Another day, another virtual-football-foe defeated. But when Wendy's videogame victory culminates in a massive...
Medikidz are a group of five larger than life cartoon super heroes who live in Mediland, on a planet shaped like the human body.
By following the adventures of the Medikidz Superheroes, kids learn about health and disease in a humorous and engaging way. This is a very clever way of involving children.
It can be hard enough for us adults to grasp what an illness is doing to our bodies. For kids, being sick can be especially scary because they can't comprehend what...
Medikidz is an organisation who provides medical information for children and parents through a comprehensive series of graphic novels, medical information pamphlets and a huge online virtual world.
Join Wendy and Andy as the Medikidz(Pump, Chi, Skinderella, Gastro, Axon and trusty robot Abacus) take them on a whistle-stop tour of Mediland - a distant planet whose geography and inhabitants bear a striking similarity to the complexity of human anatomy and physiology.
Medikidz was set up by two doctors who were frustrated by the lack of child friendly information available to those living with an illness. So they created their own - a set of dynamic comic books starring their own Medikidz Superheroes, and an interactive website.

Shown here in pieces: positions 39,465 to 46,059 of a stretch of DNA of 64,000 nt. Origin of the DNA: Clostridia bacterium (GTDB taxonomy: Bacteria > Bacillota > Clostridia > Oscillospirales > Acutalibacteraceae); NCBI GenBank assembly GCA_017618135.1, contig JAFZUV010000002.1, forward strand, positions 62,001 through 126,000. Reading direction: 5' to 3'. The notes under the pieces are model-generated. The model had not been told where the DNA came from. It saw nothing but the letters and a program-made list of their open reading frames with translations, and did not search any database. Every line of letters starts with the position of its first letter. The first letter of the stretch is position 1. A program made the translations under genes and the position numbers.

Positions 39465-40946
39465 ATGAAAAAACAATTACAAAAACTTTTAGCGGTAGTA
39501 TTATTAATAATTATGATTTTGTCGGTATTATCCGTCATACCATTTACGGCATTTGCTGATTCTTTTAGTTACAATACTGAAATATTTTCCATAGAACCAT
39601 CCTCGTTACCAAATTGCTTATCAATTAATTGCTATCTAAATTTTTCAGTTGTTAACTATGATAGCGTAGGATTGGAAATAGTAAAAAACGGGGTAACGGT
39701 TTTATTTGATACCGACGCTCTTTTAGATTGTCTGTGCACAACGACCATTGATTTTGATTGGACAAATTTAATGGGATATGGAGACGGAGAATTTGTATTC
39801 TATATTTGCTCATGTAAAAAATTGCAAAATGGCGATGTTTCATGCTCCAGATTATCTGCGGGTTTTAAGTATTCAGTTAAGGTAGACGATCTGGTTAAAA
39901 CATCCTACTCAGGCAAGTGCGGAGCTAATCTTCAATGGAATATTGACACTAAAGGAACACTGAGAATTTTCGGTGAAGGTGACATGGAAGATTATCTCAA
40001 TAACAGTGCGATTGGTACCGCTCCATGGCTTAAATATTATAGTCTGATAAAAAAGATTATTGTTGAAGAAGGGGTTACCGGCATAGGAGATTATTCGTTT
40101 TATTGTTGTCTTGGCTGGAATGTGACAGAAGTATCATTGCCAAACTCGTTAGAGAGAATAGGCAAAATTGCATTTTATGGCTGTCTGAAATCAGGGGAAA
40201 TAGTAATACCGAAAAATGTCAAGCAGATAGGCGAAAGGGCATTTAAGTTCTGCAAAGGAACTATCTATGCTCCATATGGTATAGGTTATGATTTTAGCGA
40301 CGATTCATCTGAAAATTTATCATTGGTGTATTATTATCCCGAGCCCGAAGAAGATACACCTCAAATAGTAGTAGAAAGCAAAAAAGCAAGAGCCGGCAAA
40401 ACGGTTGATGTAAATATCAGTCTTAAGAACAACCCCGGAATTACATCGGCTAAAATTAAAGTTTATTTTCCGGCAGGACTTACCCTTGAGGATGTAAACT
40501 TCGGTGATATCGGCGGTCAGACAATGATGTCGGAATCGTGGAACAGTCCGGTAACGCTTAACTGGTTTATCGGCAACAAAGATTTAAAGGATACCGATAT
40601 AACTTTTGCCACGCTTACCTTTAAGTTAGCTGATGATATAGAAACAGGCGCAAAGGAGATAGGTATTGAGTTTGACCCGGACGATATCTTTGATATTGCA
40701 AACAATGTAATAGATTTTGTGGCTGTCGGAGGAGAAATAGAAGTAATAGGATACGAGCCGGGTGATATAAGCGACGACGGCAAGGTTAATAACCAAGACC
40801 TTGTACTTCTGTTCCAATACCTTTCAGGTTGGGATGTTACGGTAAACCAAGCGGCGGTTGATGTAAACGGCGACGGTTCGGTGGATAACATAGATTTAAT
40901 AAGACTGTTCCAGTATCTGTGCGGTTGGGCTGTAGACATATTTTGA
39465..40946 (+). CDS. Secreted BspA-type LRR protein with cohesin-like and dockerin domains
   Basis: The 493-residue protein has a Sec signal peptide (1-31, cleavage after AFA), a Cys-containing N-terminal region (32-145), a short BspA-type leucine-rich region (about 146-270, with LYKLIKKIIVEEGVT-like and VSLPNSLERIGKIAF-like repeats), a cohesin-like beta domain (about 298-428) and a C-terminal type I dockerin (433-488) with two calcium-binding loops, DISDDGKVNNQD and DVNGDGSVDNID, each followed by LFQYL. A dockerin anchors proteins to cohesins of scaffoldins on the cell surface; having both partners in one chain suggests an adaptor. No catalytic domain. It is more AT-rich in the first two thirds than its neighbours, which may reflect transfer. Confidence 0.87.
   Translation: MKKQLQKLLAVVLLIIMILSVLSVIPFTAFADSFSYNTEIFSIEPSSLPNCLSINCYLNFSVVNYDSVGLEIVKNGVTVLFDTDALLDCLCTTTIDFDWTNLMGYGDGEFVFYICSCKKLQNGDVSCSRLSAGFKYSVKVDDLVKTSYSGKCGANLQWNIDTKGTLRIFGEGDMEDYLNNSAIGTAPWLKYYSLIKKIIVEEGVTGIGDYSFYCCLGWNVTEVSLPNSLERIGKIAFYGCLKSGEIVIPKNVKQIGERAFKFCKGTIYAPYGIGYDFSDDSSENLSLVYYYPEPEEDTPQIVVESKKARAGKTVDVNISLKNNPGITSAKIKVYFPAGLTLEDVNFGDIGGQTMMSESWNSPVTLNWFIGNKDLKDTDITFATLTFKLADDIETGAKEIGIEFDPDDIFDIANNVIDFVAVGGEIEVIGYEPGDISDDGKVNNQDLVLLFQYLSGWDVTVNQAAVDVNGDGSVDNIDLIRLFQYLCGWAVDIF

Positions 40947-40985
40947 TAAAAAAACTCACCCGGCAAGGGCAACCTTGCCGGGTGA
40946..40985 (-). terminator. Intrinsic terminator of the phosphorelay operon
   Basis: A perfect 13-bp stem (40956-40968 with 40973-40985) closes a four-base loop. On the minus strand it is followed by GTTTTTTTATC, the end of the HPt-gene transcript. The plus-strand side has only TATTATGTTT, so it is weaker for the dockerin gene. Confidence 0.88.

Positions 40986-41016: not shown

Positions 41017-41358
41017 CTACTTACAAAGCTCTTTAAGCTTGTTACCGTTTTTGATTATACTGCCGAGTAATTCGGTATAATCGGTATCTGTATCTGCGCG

Children's food allergies have rocketed by 200% in the last 10 years and health education company Medikidz is launching a comic book to help kids understand why they get poorly.
The Medikidz area group of larger than life, space dwelling characters who live on Mediland - a planet shaped like just like the human body.
The Medikidz area group of larger than life, space dwelling characters who live on Midiland - a planet shaped like just like the human body.
With over 20% of all the H1N1 deaths amongst under-14's and as many as 30% of all under-16's predicted to fall ill in a second wave of the virus, there is clearly a need to ensure that children are given the maximum advice on how to help protect themselves.
The National Food Allergy and Intolerance Week (25-29 January 2010) will highlight the disturbing news that the number of children suffering from food allergies has increased by 200% in the last decade.
About the Company Location: 6 Burnsall Street, London, SW3 3 ST, United Kingdom Founded in: 2006
Started by two paediatricians, the 'Medikidz' are five superheroes who explain conditions, medicines and treatments to children aged ten to 15. The site also features an integrated social network for children globally.
These cartoon superheroes are on a mission - to explain swine flu in a way children will understand.
If your child learns from the TV or internet the news that swine flu can in some cases lead to serious complications, how do you explain about the illness so that they won't panic?